“Someone who resembles us in so many ways and differs from us in but one characteristic threatens us much more than the totally other or alien.” – Rethinking Pluralism
A couple of days ago I wrote about how the emerging Atheism+ movement appears to be trying to dissociate itself from the “near other,” and suggested that this particular form of othering sits at the heart of sectarianism. Since then the online atheist community has generated a lot of discussion over what Atheism+ actually is and how productive/unproductive the methods employed by it’s promoters/objectors have been. When I suggested that Atheism+ is a sectarian movement I came to that conclusion largely because of the practices employed by its promoters. In the linked post I wrote:
[Atheism+] seeks to splinter atheism into two groups, one of which is defined more precisely in a manner that excludes the other. That it does so while championing modern values like “diversity” doesn’t change those facts either. Jen’s original post on Atheism+ is quite telling in this regard because it shows a narrowing, not a widening of her new community. You have to fit all three criteria (atheism+humanism+skepticism) to be included, and not just any one of them. Of course what counts as fitting the criteria is itself another narrowing, and so on.
I should note that I mixed up Jen’s original post in the above observation with her explanation of why Atheism+ isn’t the same as humanism. Regardless, I describe her process correctly as a narrowing process, one of honing in on Atheism+ by excluding other parts of the Atheist movement, of humanism, and of skepticism. In practice, Richard Carrier’s post on Atheism+ appeared to employ even more aggressive tactics to further draw firm lines in the sand between what the movement includes and excludes. In a response to a comment on my blog I wrote about Carrier’s post:
It is emblematic (much more so than Jen’s post in fact) of the process undertaken to splinter the movement and to draw very firm boundaries around Atheism+. The example you point to is one of many in the post and in Richard’s comments that all do the same thing – they perform difference, they “other.”
While it seems that some in the movement are disavowing themselves from Richard’s tactics, none of the movement’s supporters appear to have a problem with their effects, perhaps because as I’ve argued already, splintering, separating, narrowing, distancing, “othering” etc. is what the movement actively seeks to do. In my initial post I didn’t get into much depth about what the process of narrowing suggests about Atheism+, but because of the recent and fortuitous creation of a visual explanation of the movement by Free Thought Blogger Jason Thibeault I’ve been given an excellent opportunity to do so. Jason’s Venn diagrams offer a clear depiction of “narrowing,” and more specifically of defining oneself as not only different, but also more pure than the “near other.” This is what sectarian movements usually do by the way. I’ll skip through the various stages of explanation Jason covers (but you can read them on his blog). Here’s the Venn diagram that covers what we need to know:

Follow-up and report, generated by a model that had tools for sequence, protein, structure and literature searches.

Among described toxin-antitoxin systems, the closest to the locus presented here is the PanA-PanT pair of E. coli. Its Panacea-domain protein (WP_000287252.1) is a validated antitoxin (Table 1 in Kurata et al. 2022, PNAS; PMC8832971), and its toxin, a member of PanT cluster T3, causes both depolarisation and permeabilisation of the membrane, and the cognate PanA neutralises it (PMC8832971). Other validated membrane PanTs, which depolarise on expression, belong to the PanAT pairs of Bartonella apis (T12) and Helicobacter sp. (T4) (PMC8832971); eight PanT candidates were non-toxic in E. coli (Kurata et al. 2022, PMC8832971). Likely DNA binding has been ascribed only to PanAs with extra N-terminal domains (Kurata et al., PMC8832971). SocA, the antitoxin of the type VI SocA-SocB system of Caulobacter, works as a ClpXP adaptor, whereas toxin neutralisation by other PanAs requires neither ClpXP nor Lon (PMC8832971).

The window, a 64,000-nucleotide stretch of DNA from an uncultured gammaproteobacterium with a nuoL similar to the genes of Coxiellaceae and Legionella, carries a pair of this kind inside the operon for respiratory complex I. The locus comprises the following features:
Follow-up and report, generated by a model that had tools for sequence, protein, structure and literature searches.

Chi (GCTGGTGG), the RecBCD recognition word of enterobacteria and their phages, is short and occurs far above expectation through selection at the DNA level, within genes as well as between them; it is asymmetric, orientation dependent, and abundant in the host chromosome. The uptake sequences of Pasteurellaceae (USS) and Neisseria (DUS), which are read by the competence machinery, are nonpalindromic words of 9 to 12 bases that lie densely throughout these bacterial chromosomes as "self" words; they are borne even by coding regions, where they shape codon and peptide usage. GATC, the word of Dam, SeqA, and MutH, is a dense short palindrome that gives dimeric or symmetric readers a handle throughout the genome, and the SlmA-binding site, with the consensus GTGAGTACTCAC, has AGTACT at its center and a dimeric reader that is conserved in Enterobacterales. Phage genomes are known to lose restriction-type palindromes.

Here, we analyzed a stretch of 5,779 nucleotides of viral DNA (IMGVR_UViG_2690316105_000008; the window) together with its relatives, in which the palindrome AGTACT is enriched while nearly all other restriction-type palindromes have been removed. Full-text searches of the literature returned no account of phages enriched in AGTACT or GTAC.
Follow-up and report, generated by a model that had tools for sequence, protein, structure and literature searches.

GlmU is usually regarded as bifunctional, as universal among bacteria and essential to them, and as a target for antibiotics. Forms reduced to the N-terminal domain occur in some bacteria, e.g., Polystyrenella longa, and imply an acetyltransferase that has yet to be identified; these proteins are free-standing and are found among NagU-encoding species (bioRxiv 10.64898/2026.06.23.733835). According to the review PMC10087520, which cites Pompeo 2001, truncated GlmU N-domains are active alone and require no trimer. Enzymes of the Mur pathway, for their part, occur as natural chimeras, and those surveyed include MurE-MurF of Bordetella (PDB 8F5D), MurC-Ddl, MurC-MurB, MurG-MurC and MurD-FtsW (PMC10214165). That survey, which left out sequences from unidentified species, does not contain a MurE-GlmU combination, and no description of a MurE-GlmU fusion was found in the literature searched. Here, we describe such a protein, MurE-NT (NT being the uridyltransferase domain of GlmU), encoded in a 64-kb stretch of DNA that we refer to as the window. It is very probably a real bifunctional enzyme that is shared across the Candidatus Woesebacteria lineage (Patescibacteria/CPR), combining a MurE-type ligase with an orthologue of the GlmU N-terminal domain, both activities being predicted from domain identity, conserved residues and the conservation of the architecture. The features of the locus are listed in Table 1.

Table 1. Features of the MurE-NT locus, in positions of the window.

You have to look carefully to make out that the most primary level of separation is between “Atheists” and the “Religious.” In other words those circles do not overlap. Oddly, Jason recognizes that the logical opposition is actually between atheists and “theists” and says: “Presume that this does not include religious buddhists for the time being — let’s say ‘religious’ is shorthand for ‘theists’.” A lot more than nontheistic Buddhism is elided by this move, yet inexactness isn’t what makes it interesting. It is notable because by framing the opposition as one against “religion” in totality Jason places himself in the anti-theist, anti-religious discourses of the New Atheism and related contemporary movements. This is important to keep in mind because (secular) Humanism does not tend to be anti-religious in this manner, and in fact following the lead of related movements like Ethical Culture, (secular) Humanism at first conceived of itself as a non-theistic “religion” (in 1933, in the Humanist Manifesto I). It is important to note that (secular) Humanism no longer uses that terminology, but that it remains a descendent of this legacy is certain.